NBA fines McClendon for comments on moving Sonics
SEATTLE -- The NBA has fined Seattle SuperSonics co-owner Aubrey McClendon $250,000 for comments he made two weeks ago that his group didn't buy the team to keep it in Seattle.
League spokesman Mark Broussard in New York confirmed the penalty Thursday morning, but said he did not immediately know the reason the fine was imposed. The comments of McClendon, an Oklahoma City energy tycoon, were at odds with commissioner David Stern's stated hope of keeping the Sonics in the city they've called home for all 40 years of their existence.
McClendon is one of four original partners with Clay Bennett in Professional Basketball Club LLC, the Oklahoma group that purchased the Sonics and WNBA's Storm for $350 million in July, 2006. This month, McClendon told an Oklahoma City publication that the group has always hoped to move the NBA franchise to Oklahoma, but he acknowledged the team could make more money in the Pacific Northwest.
"But we didn't buy the team to keep it in Seattle; we hoped to come here," McClendon, chief executive of Chesapeake Energy, told The Journal Record in Oklahoma. "We know it's a little more difficult financially here in Oklahoma City, but we think it's great for the community and if we could break even, we'd be thrilled."
The ownership group has set a deadline of Oct. 31 to secure an agreement for a new arena in the Seattle area. If a deal is not in place by then, Bennett has said will begin the league's process of relocation the Sonics to Oklahoma City.
McClendon's fine is comparable to those the NBA has assessed to Mark Cuban, the outspoken owner of the Dallas Mavericks. Cuban was fined twice during the 2006 playoffs, with the league penalizing him $250,000 after his outbursts during the league finals, when he yelled toward a referee and later toward Stern.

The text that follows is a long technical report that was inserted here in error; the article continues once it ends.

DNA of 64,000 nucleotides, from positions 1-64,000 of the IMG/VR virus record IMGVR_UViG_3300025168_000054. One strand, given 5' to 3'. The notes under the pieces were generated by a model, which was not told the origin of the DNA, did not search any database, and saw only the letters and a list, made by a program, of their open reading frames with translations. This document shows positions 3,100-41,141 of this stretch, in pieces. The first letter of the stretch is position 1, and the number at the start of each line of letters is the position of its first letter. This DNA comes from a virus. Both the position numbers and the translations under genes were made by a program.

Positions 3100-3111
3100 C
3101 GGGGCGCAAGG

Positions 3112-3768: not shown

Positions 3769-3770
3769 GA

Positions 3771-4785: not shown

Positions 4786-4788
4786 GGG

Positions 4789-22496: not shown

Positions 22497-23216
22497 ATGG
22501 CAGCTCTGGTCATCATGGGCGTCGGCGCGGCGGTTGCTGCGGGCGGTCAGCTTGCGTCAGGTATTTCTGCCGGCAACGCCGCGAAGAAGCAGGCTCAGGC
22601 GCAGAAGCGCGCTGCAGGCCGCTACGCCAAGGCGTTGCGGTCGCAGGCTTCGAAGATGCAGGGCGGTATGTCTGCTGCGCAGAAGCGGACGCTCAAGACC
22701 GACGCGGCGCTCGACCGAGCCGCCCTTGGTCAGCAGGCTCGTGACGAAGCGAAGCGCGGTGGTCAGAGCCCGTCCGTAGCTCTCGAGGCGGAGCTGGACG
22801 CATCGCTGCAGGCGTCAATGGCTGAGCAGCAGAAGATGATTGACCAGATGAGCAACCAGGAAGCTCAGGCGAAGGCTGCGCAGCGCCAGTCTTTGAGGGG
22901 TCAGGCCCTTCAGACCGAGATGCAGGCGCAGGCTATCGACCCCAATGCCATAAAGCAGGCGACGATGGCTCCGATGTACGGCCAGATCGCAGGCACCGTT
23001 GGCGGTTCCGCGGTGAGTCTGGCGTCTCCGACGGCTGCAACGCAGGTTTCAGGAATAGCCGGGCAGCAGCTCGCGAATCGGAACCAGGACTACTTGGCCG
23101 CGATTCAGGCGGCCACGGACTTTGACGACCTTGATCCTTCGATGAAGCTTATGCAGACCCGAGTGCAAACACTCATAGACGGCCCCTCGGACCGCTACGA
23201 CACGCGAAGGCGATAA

Cuban, who says he matches every dollar with a charitable donation, was fined $500,000 -- at the time the most against one person in the NBA -- in January 2002 for comments that included saying he wouldn't hire the league's head of officiating to manage a Dairy Queen.
A spokesman for McClendon at Chesapeake Energy said Thursday from Oklahoma City that McClendon's fine by the NBA is not a company issue and referred questions to the Sonics' ownership group.
"We respectfully decline to comment further about this matter," said Brent Gooden, a spokesman for Professional Basketball LLC.
Bennett and McClendon tried to calm the furor in Seattle the day after McClendon's comments were published. They issued a joint statement that called McClendon's comments his "personal thoughts." Bennett said McClendon was "not speaking on behalf of the ownership group."
"It is my hope we will see a breakthrough in the next 60 days that will result in securing a new arena for the Sonics and Storm in the Greater Seattle area," Bennett said, though even he acknowledges no breakthrough is on the horizon.
McClendon said he, Bennett and others in the ownership group became interested in purchasing an NBA team after the New Orleans Hornets temporarily relocated to Oklahoma City for two seasons after Hurricane Katrina.
"We started to look around, and at that time the Sonics were going through some ownership challenges in Seattle," McClendon told the newspaper. "So Clay, very artfully and skillfully, put himself in the middle of those discussions and to the great amazement and surprise to everyone in Seattle, some rednecks from Oklahoma, which we've been called, made off with the team."
Copyright 2007 by The Associated Press
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